Friday, September 18, 2009


Defenders hitting the road
Fans emotional after what was probably team's last game ever in Norwich

By Stephen Chupaska Published on 9/17/2009

Norwich - As Skip Sceery entered Thomas J. Dodd Memorial Stadium for Game 2 of the Eastern League championship series Wednesday evening, he heard the turnstile click over for what is likely the last time.

”It was emotional,” he said.

Sceery, of East Hampton, a season-ticket holder for eight years, was perched in his usual seat in Section 11 behind home plate before the Connecticut Defenders' 7-6 loss to the Akron Aeros. Connecticut trails the best-of-five series 2-0, and the next three games are in Akron, Ohio.

The Defenders, a Class AA minor league baseball franchise, are expected to soon announce they are moving to Richmond, Va., next season.

After the game, some fans lingered. One even waved goodbye to the players as they entered the clubhouse, and another held a sign that said, “This Is Not What We Meant By: Go Defenders.”

Since news of the impending move broke, there have been rumors that a short-season A-ball team will move into the soon-to-be vacant Dodd Stadium, built 15 years ago to accommodate the New York Yankees' Class AA affiliate. But so far, nothing is definite.

Still, last night, fans in the announced crowd of 4,008 (though the actual attendance was about half that) reminisced before the game about the team's time in Norwich.

Sceery wore an old Navigators cap and relished telling his favorite Dodd Stadium story, a home run blast by Pablo Sandoval, currently a breakout star with the San Francisco Giants, the Defenders' parent club.

”See that line on the centerfield wall?” he said, noting a yellow stripe above the 401-foot mark. “It went six feet above it and would have gone into orbit.”

Sitting along the first-base line, Thurston Delaney of Norwich said he took his son, Quintin, to about 20 games a year.

”It's really too bad they are leaving,” Delaney said. “We took the team for granted.”

Delaney said Quintin once caught a foul ball hit by current New York Mets outfielder Daniel Murphy, who consequently made a fan for life.

Jazz Freitas of Noank, a diehard baseball fan who was at the season opener this year, is lamenting both the loss of the Defenders and their affiliation with the Giants.

”(Giants General Manager) Brian Sabean has a deep pool of talent,” Freitas said.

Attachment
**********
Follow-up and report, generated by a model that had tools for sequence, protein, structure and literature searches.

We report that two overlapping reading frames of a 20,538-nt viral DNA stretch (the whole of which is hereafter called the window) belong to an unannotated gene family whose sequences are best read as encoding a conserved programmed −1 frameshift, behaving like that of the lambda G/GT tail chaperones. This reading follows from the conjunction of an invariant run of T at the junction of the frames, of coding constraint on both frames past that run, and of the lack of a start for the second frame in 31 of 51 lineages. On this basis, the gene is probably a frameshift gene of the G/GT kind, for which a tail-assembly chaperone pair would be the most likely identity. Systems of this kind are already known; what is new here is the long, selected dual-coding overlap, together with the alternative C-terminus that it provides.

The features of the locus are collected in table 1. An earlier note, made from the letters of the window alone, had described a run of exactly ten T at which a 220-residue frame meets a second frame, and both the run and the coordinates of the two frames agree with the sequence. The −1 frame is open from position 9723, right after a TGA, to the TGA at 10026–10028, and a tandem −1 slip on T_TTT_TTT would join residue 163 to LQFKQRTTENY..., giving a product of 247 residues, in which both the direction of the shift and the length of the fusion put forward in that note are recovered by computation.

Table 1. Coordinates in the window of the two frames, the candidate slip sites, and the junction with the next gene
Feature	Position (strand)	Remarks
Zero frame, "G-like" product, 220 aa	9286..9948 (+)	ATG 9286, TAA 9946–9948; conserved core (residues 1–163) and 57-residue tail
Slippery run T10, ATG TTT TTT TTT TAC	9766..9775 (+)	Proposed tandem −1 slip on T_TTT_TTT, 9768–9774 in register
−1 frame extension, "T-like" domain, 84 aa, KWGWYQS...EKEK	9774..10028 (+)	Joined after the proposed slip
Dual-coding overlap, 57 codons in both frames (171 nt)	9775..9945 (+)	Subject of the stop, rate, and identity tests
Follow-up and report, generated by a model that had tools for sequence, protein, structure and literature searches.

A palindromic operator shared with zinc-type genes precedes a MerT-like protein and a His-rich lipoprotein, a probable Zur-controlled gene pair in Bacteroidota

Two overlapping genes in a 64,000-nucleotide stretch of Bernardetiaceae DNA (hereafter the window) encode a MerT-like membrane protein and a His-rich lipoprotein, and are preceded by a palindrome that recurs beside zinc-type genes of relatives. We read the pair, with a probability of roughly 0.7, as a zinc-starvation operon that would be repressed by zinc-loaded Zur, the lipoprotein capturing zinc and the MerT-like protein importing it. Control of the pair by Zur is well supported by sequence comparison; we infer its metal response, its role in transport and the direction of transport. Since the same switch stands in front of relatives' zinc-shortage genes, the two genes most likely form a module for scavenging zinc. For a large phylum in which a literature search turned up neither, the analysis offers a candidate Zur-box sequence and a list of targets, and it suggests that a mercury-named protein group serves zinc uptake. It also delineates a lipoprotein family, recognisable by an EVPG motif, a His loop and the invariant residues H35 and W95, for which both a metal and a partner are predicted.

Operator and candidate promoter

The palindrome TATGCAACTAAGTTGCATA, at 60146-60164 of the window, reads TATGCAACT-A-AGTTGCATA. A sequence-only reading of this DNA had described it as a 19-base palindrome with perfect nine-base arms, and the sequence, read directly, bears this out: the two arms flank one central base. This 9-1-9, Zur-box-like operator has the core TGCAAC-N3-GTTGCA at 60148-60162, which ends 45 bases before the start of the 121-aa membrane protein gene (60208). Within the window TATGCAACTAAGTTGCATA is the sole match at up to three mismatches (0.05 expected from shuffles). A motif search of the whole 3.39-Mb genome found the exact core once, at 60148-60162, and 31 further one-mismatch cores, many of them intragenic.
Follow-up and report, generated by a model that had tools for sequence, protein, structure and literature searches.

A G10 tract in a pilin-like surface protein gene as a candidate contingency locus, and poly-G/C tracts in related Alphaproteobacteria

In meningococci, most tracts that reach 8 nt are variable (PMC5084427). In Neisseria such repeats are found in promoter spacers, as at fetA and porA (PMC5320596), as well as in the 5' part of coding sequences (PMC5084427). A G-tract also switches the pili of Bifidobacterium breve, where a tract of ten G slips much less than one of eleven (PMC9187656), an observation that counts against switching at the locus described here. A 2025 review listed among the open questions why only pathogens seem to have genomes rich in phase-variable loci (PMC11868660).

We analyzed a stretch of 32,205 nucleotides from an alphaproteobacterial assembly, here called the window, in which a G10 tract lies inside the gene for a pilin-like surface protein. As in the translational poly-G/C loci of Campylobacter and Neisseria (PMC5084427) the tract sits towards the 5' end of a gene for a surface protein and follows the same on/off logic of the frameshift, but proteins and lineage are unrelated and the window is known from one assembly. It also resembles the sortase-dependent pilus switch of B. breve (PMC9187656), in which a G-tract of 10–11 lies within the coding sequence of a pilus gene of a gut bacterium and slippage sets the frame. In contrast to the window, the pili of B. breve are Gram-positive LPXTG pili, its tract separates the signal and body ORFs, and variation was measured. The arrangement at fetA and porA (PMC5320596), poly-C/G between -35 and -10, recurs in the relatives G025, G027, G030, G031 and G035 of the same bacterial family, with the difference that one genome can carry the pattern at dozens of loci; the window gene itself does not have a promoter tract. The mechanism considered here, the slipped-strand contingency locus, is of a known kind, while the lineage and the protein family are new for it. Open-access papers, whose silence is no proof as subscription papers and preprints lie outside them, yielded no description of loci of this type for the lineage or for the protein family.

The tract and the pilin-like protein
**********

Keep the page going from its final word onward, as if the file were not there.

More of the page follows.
It was also a melancholy night for veteran ballpark staff, some of whom started working at the park after they retired.

Ticket-taker Jim Epps of Waterford, a retired police officer and security guard, has been working at Dodd since the Navigators hired him as an usher.

”I've got to know so many people,” he said. “The team has been good to me.”

Epps, a Yankee fan, recalled fondly both the day Roger Clemens made a rehabilitation start and the Navigators' Eastern League championship in 2002.

”This is rough,” he said. “But luckily this year they made the playoffs.”

Chris Batova of Norwich has been working in the information booth and at the lost-and-found since she retired from Southern New England Telephone seven years ago.

”This the most fun I've had at any job,” she said.

Batova reports there are still plenty of lost baseball gloves that have yet to be claimed.

”Of all the things to lose,” she said.

At the team store, most of the T-shirts, caps and sweaters were 75 percent off and selling fast.

”We didn't sit down at all Tuesday night,” store clerk Kathy Bartlett.

Still, as the autumn approaches, some fans are hopeful they will be watching minor league baseball next summer.

Chris Holdridge of New London hopes an A-ball team from the New York-Penn League moves to Norwich next year.

”That league has a lot of good players,” he said.

Nick Novak of Danielson said he wouldn't mind watching some of the younger players.

”I wish it was the Defenders,” Novak said. “But baseball is baseball.”


EDITORIAL FOOTNOTE: The people of Southeastern Connecticut didn't support this team. I was there one evening this summer and maybe four hundred (400) people were watching the game. I thought there were more employees than spectators. There really wasn't but the attendance was terrible. The biggest crowd of the season was probably there last night to see the team lose and probably leave forever. The Defenders were great baseball for a very cheap price. Good luck Defenders. You will be missed. Maybe the people of Connecticut are getting what they deserve. What do you think?


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